Melaszka's Reviews > This Body of Death

This Body of Death by Elizabeth  George
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F_50x66
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Feb 05, 12

Read from February 04 to 05, 2012

** spoiler alert ** This book reminded me of everything I love and hate about the Lynley series.

It was an unputdownable read, even though George flagged up where most of the plot strands were going fairly early on. Both the police officers' problematic personal stories and the stories of the suspects kept me gripped form start to finish.

I loved the fact that there was so much going on, that it touched on so many pertinent issues about British life in such detail, that there were so many different storylines intersecting, any one of which could have led to the murderer.

Unlike many of the reviewers here, I loved What Came Before He Shot Her and I actually prefer it when George writes about ordinary people and gritty social problems to when she writes about her (IMO somewhat cardboard and unconvincing) upper-class characters. I was actually thrilled to see the back of Lynley's boring, posh and perfect wife and am mildly disappointed that we're still stuck with his boring, posh and perfect friends. There's something slightly distasteful to me about the way that Lynley and his social circle are portrayed as being a cut above everyone else, in terms of manners, morality and intelligence.

However, while I think the question of child murderers is an important and fascinating one, the case in the book was slightly too obviously constructed from the Greatest Hits of Mary Bell, Robert Thompson and Jon Venables. It seems a tad inappropriate, sensationalist and profiting from other people's misfortune to base a thriller so closely on disturbing real cases, especially when the bereaved families are still alive and their grief is still so raw.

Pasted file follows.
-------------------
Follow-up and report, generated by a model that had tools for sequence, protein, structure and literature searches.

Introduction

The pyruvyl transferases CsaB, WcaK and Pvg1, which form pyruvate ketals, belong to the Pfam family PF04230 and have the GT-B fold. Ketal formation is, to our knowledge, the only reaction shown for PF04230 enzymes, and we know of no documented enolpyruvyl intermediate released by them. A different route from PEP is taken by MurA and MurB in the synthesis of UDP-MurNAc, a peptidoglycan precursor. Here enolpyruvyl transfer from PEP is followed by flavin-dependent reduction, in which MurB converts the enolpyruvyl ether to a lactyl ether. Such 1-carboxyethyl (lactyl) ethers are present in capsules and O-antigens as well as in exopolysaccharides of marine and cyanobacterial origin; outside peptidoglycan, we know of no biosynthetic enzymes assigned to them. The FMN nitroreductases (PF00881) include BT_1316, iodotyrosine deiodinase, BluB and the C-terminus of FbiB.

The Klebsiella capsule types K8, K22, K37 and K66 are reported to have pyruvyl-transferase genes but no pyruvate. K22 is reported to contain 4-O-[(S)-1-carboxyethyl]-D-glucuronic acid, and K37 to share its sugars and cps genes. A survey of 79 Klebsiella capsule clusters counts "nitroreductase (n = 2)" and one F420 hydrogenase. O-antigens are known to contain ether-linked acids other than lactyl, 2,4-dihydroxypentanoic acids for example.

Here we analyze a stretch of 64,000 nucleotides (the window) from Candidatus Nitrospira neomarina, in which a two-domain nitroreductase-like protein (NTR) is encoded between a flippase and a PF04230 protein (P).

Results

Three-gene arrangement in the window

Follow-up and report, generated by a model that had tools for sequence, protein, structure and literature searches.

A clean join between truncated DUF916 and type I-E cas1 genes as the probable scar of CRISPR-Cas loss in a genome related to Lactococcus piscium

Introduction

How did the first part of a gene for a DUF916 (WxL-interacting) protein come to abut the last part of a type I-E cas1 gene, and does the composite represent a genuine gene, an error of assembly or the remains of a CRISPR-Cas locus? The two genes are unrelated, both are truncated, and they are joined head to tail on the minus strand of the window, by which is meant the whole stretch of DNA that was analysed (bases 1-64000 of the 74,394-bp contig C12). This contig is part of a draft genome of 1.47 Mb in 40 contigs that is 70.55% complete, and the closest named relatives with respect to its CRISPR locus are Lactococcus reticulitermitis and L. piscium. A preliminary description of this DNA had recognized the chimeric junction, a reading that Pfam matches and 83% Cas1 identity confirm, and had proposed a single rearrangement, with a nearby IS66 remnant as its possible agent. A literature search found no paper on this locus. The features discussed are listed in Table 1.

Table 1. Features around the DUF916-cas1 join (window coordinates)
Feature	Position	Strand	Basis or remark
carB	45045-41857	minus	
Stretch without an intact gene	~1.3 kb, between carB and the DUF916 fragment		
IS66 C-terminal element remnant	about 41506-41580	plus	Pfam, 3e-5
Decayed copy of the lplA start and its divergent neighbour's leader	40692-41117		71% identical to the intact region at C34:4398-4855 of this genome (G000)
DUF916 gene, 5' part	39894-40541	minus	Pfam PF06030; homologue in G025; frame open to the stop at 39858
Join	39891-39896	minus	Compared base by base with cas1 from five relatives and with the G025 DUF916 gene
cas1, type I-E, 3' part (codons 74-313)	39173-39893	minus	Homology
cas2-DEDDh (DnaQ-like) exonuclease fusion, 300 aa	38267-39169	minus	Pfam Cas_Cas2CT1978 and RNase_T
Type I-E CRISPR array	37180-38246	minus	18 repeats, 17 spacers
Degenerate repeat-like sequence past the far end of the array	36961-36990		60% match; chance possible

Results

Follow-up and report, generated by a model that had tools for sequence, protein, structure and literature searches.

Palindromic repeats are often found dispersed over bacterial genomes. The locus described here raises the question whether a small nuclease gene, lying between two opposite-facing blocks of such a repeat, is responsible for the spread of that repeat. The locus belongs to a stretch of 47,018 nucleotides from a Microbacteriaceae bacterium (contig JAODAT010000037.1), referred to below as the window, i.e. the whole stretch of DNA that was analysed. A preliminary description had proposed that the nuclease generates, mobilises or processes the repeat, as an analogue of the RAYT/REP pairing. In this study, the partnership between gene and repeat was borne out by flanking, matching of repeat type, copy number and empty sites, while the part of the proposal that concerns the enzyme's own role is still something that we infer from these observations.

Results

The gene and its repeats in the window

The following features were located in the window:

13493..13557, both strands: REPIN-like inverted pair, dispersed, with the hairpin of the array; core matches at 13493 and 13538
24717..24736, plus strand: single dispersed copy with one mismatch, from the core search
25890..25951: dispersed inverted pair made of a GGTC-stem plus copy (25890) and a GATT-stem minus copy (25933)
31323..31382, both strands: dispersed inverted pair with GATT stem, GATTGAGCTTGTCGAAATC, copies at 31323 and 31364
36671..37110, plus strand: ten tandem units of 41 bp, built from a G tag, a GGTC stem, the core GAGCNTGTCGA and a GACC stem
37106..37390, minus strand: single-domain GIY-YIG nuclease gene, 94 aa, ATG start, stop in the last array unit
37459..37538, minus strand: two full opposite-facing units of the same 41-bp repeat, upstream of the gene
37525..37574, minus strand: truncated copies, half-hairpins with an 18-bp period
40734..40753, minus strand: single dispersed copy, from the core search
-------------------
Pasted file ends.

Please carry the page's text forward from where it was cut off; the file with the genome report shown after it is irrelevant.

As with many of George's novels, I found the ending a bit of a disappointment after the rollercoaster ride of a plot that had gone before it. When she'd put so many fascinating possibilities on the table, the ending almost seemed like the least interesting possibility she could have opted for.

Also, George badly needs to get a better Britpicker - it's astonishing that she can write so well about Britain when she's not British and there are never any major cultural or linguistic errors, but in every Lynley book I've read there have been small details that are wrong or unlikely for a British context. George particularly struggles with the English education system (in this book, she has a character leaving school with poor GCSEs several years before GCSEs were introduced, but in the two previous books we have had vets and doctors training with postgraduate degrees, like they do in the States, not with their first degree, as is the norm in the UK, and a completely mangled idea of what the compulsory school-leaving age is and what courses students have to follow by law before they get to it). Characters' names often sound odd for their age or social background or very odd on a British person, at all. I don't blame George, but she has a large editorial team who should be picking these things up.

But it was still a thumping good read.
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